3. thanks to JORDAN…………great research ! Sometimes the grass is not always greener. I think I will stay away from Ally for these very good reasons. Let’s wait until the double dip is behind us to see what financial institutions are still standing after this shake out. I bet the big 5 will be here, but the rest will have issues. Due diligence pays off. Thanks again Jordan for the heads up.

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  5. “Egg management fee” – LOVE that commercial – cracks me up every time!

  6. My advice, particularly for those with +$100,000 to deposit, is Achieva Financial ( out in Manitoba. Achiea is the online division of Winnepeg based Cambrian Credit Union. Not only are their rates higher than ING etc. but your entire account balance is insured not just the first $100k. I have been dealing with them from Ontario for a number of years now and they are by far the best financial institution that I have ever dealt with.

  7. I ahve to ask, are there ever monthly fees on a Savings account? Transaction fees yes, but monthly fees?

    • Canadian Capitalist

      @Jerry: I have two guesses: (a) Ally is referring to some banks which charge a monthly fee for providing account statements or (b) Ally is doing a CYA because they might start charging *some fees* in the future.

      @Bobby: I have to admit that I haven’t looked closely at the Ally fine print and how it compares to other banks. It might be something that is worthy of research. I’d be very concerned if Ally (or any other bank) shares private information with foreign governments, especially when they are not provided with legal reasons to do so. Anyone else has comments on this?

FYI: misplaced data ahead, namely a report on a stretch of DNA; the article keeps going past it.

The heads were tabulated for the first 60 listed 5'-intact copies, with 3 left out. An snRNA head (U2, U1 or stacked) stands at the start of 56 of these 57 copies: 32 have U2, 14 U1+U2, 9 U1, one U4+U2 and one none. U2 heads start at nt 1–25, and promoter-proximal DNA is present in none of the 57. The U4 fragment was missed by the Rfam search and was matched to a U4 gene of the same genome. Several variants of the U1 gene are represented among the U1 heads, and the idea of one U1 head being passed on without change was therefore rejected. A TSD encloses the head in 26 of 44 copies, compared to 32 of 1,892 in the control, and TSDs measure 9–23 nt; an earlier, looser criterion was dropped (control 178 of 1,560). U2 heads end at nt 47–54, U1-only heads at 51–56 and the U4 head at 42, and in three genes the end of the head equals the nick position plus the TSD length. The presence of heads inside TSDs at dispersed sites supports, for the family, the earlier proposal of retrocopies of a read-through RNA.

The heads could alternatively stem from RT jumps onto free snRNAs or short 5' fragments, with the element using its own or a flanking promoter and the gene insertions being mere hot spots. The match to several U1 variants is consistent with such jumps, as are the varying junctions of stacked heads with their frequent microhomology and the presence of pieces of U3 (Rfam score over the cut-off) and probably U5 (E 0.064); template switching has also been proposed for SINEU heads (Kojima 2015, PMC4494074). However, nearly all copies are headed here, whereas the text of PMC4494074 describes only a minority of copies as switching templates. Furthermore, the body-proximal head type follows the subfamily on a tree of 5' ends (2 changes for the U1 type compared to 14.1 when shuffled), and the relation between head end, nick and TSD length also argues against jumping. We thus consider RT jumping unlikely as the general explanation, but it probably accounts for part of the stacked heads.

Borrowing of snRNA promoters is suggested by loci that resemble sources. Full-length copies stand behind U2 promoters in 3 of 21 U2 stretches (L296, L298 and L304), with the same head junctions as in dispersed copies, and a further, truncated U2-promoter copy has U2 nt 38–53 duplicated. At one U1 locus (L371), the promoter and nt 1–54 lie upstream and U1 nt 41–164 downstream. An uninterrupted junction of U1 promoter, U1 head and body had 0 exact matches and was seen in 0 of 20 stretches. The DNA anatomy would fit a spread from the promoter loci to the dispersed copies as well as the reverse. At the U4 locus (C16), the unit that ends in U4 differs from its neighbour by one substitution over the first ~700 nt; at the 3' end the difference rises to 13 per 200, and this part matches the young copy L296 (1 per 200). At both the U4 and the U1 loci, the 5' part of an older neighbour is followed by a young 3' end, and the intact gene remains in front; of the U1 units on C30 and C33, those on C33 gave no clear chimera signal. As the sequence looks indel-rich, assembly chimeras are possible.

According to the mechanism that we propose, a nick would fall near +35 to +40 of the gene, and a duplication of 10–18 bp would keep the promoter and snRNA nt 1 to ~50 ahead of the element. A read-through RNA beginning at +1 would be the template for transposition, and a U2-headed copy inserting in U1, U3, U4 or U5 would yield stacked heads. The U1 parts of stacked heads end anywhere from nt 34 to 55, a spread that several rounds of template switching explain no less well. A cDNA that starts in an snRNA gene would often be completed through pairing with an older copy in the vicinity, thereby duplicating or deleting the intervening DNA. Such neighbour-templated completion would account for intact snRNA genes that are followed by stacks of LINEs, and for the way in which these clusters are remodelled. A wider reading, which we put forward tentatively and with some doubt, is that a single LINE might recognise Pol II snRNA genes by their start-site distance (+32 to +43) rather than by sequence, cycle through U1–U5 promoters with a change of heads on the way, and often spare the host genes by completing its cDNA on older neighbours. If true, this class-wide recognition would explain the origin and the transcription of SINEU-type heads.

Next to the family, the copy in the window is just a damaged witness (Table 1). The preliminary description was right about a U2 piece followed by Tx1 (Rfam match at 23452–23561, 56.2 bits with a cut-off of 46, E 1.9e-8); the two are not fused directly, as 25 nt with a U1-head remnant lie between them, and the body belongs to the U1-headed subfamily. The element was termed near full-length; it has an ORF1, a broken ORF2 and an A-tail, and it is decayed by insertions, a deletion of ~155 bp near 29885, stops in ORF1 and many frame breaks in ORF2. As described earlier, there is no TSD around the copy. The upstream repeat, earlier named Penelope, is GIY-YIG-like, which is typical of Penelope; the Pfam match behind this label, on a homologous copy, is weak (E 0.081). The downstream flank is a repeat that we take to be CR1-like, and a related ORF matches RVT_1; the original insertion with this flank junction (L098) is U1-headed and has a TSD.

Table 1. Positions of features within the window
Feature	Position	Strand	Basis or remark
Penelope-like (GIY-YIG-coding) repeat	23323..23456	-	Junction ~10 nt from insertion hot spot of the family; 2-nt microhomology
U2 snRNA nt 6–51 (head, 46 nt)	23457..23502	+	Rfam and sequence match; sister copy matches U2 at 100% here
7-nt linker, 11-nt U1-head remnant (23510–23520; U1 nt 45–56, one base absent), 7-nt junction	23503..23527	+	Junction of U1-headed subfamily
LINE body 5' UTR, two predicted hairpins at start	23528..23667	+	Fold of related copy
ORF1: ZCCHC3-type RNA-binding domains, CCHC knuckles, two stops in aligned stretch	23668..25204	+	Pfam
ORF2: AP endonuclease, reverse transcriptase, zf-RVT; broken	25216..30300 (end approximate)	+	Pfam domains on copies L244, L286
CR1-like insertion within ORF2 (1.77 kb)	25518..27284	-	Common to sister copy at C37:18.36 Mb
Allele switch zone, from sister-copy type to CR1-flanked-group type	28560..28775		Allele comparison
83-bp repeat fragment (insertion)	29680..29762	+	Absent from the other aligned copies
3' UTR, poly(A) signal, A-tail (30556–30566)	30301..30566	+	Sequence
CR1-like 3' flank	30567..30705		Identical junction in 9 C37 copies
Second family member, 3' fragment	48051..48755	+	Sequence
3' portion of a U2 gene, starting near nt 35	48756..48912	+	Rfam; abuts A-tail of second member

8. Also disturbing, to follow up on Jordan’s note, is that Ally stores & can share your personal information with American authorities via the US Patriot Act. See their “Privacy Policy” – paragraph before “A Note on Marketing”:

  9. Canadian Capitalist

    @Axis: It seems that Canadian Direct has some account fees, especially a transfer fee of $50. I did quickly consider Canadian Direct but after learning about the fees, decided not to look further.

    @Jordan: I’m not very concerned with Ally’s financial stability. It is hard even for investors to figure out how stable a bank is; it might be overkill for depositors to worry about the chances of a bank becoming insolvent. That’s why a CDIC guarantee is important. CDIC does cover interest payments as long as the total of principal plus interest is within the coverage limits:

    @Lorne: I suppose it is a sign of the times that depositors are worried whether their savings are safe. There have been many new online banks over the years but I can’t recall worries about whether the new banks are safe before. That’s not necessarily a bad thing; we always have to be careful about where we put our money.

    @Ron: One reason I did not consider credit unions is the lack of CDIC guarantee. Yes, the credit unions have unlimited coverage under CUDGC but I feel that CDIC insurance is stronger.

  10. Thanks for the mention CC. I have opened a TFSA with Ally last year, haven’t had the time to write a follow up post. I moved $5K + interest from President’s Choice without any issues. I find it funny/surprising that they weren’t fully understanding the TFSA rules with regards to your deposit. I also got a $50 credit from Ally “to cover the other bank’s TFSA transfer fees” even though I used December 31st maneuver and didn’t pay a cent. All and all I’m quite happy with Ally so far, aside from the issues I have mentioned in my original post.